The challenge of separating content from presentation in a CMS

William Hart-Davidson defines a content management system (CMS) as a “set of practices for handling information, including how it is created, stored, retrieved, formatted, and styled for delivery” (pg. 130). Basically, a CMS sits on top of your content and assists with the following functions:

  • Topic management: searchable, reusable content
  • Single-source publishing
  • Translation/localization workflow
  • Collaborative development and version control
  • Central output format management

Furthermore, Davidson claims that a best practice of content management includes the

“Need to separate content from presentation (pg. 130).”

But just how difficult is it to separate information from presentation and design?

In my experience, it is very difficult. While it is relatively easy to use the same chunks of content (e.g., single XML files) in multiple output formats, it is not easy to customize the design, format, and style of an information product. Let me explain.

We are currently implementing SDL LiveContent as our CMS. It is very expensive, and due to budget restrictions, my manager went with the basic, out-of-box implementation. In addition, we are required to provide two types of output—PDF and HTML—for every major software release. To create PDF output, we must develop stylesheets to transform our XML to XSL-FO. XSL defines the presentation of XML objects and properties that specify the page format, page size, font size, and paragraph/table/heading/list styles. However, since we went with the basic SDL LiveContent implementation, the difficult, time-consuming task of developing stylesheets for XML to XSL-FO transformation must be done by ourselves. (SDL LiveContent offers services to create the stylesheets, but it is very expensive.)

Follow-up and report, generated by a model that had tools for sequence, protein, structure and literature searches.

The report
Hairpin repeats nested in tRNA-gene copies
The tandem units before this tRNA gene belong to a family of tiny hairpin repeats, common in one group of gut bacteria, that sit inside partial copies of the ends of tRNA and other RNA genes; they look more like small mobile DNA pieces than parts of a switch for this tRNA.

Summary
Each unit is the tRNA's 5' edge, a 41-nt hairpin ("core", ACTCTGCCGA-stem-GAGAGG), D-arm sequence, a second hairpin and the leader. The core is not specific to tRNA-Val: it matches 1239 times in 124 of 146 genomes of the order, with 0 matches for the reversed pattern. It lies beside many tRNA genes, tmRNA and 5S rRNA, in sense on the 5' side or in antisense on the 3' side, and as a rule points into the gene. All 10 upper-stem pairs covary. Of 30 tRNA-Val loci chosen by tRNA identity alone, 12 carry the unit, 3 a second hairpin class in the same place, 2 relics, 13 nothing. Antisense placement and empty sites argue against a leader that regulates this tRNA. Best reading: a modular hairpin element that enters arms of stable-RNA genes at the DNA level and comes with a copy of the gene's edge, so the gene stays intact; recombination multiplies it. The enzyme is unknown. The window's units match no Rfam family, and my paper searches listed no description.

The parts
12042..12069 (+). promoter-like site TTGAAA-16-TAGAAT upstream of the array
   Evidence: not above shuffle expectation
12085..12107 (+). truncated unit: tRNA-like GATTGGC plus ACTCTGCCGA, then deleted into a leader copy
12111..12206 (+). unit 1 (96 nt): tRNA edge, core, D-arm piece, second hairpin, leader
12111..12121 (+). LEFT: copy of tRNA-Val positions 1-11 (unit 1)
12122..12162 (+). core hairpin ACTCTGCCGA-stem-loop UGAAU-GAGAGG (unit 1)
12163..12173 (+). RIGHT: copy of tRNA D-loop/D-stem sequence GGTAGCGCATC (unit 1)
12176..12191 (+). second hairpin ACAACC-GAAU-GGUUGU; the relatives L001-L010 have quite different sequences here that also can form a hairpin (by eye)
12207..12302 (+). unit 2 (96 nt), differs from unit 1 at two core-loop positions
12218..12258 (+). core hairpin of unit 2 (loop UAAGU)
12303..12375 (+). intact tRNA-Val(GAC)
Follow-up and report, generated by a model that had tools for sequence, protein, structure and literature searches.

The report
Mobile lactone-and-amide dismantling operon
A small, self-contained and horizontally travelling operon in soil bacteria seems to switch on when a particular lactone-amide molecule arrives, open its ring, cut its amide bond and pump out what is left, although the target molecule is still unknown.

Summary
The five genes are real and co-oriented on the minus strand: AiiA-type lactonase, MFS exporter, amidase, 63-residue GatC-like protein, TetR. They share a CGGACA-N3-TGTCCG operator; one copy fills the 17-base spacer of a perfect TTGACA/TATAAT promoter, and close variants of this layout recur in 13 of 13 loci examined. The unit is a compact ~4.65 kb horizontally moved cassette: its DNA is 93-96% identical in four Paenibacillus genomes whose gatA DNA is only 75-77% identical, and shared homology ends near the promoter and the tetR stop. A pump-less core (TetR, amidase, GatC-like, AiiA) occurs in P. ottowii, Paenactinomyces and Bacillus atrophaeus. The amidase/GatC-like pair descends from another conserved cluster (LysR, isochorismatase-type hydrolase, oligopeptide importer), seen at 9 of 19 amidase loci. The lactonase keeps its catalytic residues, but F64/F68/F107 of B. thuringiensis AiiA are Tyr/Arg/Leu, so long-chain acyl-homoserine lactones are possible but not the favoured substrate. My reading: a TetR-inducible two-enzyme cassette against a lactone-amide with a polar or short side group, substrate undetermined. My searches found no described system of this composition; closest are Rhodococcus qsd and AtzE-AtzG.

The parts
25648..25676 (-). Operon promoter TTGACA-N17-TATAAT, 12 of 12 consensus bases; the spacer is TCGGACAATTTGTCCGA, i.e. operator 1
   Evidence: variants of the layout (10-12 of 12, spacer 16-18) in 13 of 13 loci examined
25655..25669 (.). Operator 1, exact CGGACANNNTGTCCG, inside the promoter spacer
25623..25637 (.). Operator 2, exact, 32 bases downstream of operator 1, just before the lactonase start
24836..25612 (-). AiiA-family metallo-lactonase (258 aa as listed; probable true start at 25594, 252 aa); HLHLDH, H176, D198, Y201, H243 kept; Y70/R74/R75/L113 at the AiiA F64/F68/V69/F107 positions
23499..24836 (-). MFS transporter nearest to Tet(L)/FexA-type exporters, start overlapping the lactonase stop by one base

If we don’t develop stylesheets, we will have little control over the presentation (also referred as “signposting” in chapter 2) of our content. This is unacceptable to my manager, as she expects all of our content to continue to have our professional, company-branded formatting.

If this wasn’t complicated enough, SDL LiveContent recommends a different professional formatting solution from the one that we currently use (and have already spent a lot of time customizing that stylesheet). We all agree that we do not need to have two or three publishing tools to generate a PDF or HTML. We also don’t want to have a complicated, manual workflow process that takes the content from our CMS, generates output (PDF and/or HTML), and then stores it back in the CMS. We don’t have someone on our team who can write scripts to do that and there isn’t a bridge to connect the CMS with our current publishing tool.

Ideally, we want to have our content stored in one repository, and from there, we want to be able to generate output on an ad hoc, as needed basis. We want to click a button—have all the magic happen—and then view the PDF that has a beautiful, professional layout. How we get there is my responsibility over the next few months, but I’m convinced that we will have to ditch our current publishing tool and will have to develop brand new stylesheets.

About peahleah

Youngest of four, left home at 17, traveled the country, and wound up in Austin.

Posted on October 5, 2014, in Workplace and tagged , , . Bookmark the permalink. 3 Comments.

  1. You have me convinced it’s difficult to separate content and presentation. And that your CMS is complicated. At work we use Smart Office ( which is one of the places at work we are to store information. I can tell you that I rarely use it as it is cumbersome and not user friendly.

    Good luck with your CMS project (keep us posted)!

  2. natashajmceachin

    I unfortunately have no experience in this arena as I am at the beginning of my career. This chapter honestly made little sense to me as I couldn’t exactly relate and grasp the concept. However, you seem to have a good grasp on this one. Great post!

  3. Leah, I’m so glad you are able to bring in these examples from your workplace. Perhaps this is a topic you can continue to focus on as the semester progresses and let it become the prime focus of your final paper!

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